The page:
The fact that Mitt Romney, the former Massachusetts governor who is weighing a run for president in 2012, has an active political action committee in Alabama might seem puzzling.
It is, after all, not a critical early-voting state for the Republican nomination, where these kinds of leadership PACs are often set up by potential presidential candidates.
Upon closer inspection, though, Romney's interest in Alabama snaps into focus. The state has among the most permissive campaign finance rules in the nation, allowing contributions of unlimited size from individuals and corporations.
As a result, the Alabama affiliate of Romney's federal PAC, Free and Strong America, has raised more than $440,000 this year, with many of the contributions amounting to tens of thousands of dollars each.
Yet it has donated $21,500 — less than 5 percent of what it has raised — to state and local candidates in Alabama, for which these state PACs are ostensibly intended. (The PAC also contributed $3,500 to Nikki Haley's successful campaign for governor in South Carolina.)
Instead, a vast majority of the just over $300,000 Romney's Alabama PAC has reported spending this year has been directed back to the Boston headquarters of Free and Strong America, paying for, among other expenses, a significant part of the salaries of Romney's political staff, who will almost certainly form the core of his presidential campaign if he decides to run.
The financing Romney has used, leaning on not only his Alabama PAC but also on similar vehicles in other states, allows him to tiptoe around federal campaign finance limits. It also illustrates how potential candidates willing to be creative with the nation's Rube Goldberg-like campaign finance system can manipulate it to their greatest benefit — and Romney has been by far the most assertive in this approach among those believed to be weighing bids for the Republican nomination.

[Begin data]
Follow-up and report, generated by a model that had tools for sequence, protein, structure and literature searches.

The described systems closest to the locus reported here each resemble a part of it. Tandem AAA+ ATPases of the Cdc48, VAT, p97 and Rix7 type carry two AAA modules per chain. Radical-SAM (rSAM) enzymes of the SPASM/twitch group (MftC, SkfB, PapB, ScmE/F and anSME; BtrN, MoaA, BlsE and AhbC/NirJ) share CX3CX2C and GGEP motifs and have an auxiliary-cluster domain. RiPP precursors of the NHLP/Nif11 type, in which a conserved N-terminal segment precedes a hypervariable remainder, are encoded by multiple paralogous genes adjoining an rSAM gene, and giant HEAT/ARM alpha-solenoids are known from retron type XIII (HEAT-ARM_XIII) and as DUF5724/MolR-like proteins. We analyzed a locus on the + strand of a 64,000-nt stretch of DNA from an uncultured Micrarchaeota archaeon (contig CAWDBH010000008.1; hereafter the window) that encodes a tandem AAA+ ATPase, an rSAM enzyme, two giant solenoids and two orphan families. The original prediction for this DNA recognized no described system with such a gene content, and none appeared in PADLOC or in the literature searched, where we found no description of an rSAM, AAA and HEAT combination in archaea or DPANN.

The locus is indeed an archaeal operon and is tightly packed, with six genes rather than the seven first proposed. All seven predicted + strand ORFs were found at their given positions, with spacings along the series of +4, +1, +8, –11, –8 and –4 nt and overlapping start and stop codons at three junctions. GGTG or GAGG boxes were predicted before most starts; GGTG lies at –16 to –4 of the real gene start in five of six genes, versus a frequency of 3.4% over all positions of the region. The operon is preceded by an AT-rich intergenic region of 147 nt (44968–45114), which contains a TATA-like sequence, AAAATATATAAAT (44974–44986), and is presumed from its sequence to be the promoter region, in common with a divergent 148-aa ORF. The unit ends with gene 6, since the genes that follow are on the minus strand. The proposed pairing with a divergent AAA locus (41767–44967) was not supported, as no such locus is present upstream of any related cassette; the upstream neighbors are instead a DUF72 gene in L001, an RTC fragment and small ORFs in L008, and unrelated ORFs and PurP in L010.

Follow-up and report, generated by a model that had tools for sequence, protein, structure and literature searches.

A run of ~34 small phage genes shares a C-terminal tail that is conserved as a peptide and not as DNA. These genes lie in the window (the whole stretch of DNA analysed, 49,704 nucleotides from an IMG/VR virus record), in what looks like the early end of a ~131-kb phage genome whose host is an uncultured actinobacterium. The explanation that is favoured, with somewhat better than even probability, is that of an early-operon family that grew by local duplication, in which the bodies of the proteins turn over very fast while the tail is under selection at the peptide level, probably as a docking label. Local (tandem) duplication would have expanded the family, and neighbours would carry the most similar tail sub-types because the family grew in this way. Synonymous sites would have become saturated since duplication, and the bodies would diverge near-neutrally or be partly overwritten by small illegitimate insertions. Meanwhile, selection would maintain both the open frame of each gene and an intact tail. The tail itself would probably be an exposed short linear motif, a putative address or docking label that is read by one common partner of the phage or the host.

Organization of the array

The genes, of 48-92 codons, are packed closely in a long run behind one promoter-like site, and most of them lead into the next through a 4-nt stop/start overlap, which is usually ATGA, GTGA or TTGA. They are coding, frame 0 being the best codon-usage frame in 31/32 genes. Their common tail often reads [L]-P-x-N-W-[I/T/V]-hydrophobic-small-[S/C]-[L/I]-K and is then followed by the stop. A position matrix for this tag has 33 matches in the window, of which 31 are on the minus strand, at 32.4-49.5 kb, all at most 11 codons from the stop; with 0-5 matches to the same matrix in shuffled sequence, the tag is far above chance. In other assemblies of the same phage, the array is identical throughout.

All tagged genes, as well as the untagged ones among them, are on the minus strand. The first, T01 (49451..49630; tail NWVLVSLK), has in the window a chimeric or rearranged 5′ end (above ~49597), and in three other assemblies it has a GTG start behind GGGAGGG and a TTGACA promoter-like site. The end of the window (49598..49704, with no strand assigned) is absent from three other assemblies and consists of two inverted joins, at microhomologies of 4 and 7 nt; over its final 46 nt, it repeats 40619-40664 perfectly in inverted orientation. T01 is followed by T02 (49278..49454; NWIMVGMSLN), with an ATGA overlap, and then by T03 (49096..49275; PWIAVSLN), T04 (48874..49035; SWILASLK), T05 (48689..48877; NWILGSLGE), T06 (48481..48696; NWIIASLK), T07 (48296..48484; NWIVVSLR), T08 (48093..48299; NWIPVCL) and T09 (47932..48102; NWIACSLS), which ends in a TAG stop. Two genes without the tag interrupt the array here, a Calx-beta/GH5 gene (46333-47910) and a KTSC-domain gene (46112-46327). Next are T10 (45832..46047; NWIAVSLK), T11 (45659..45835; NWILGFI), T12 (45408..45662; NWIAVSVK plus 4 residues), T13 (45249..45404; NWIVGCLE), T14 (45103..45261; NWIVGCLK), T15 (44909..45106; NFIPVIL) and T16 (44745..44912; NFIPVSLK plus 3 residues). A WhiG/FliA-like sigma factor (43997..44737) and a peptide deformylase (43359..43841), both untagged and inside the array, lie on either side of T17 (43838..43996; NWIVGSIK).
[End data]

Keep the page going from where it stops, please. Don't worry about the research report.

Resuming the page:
Leadership PACs cannot, by law, be used to finance a presidential run, but they can distribute money to other candidates, help pay for travel and even finance the nucleus of a political operation. In the process, the PACs must be careful not to cross over into actually footing the bill for a presidential candidacy.
Romney is testing these limitations, as are other potential 2012 contenders, like Gov. Tim Pawlenty of Minnesota, who has set up state PACs in Iowa and New Hampshire, along with a federal PAC. But Romney has gone further in squeezing maximum legal advantage in other areas.
It is generally illegal for a state-based PAC, like Romney's Alabama affiliate, to finance activity geared toward federal elections. In other words, money raised by the state PAC is not supposed to be used for work on federal races, as opposed to contests at the state and local level.
In his filings with the election commission, Romney is essentially contending that his leadership PAC's work is divided evenly between federal and non-federal election activities and that the financing of administrative expenses is accordingly divided between the state and federal PACs.
As a result, for example, roughly half the salary of Eric Fehrnstrom, a senior adviser to Romney who was his traveling press secretary in his 2008 presidential run, is paid for by the federal PAC, while the rest is divided up by the state-based PACs Romney has set up in Alabama, Iowa, Michigan, New Hampshire and South Carolina.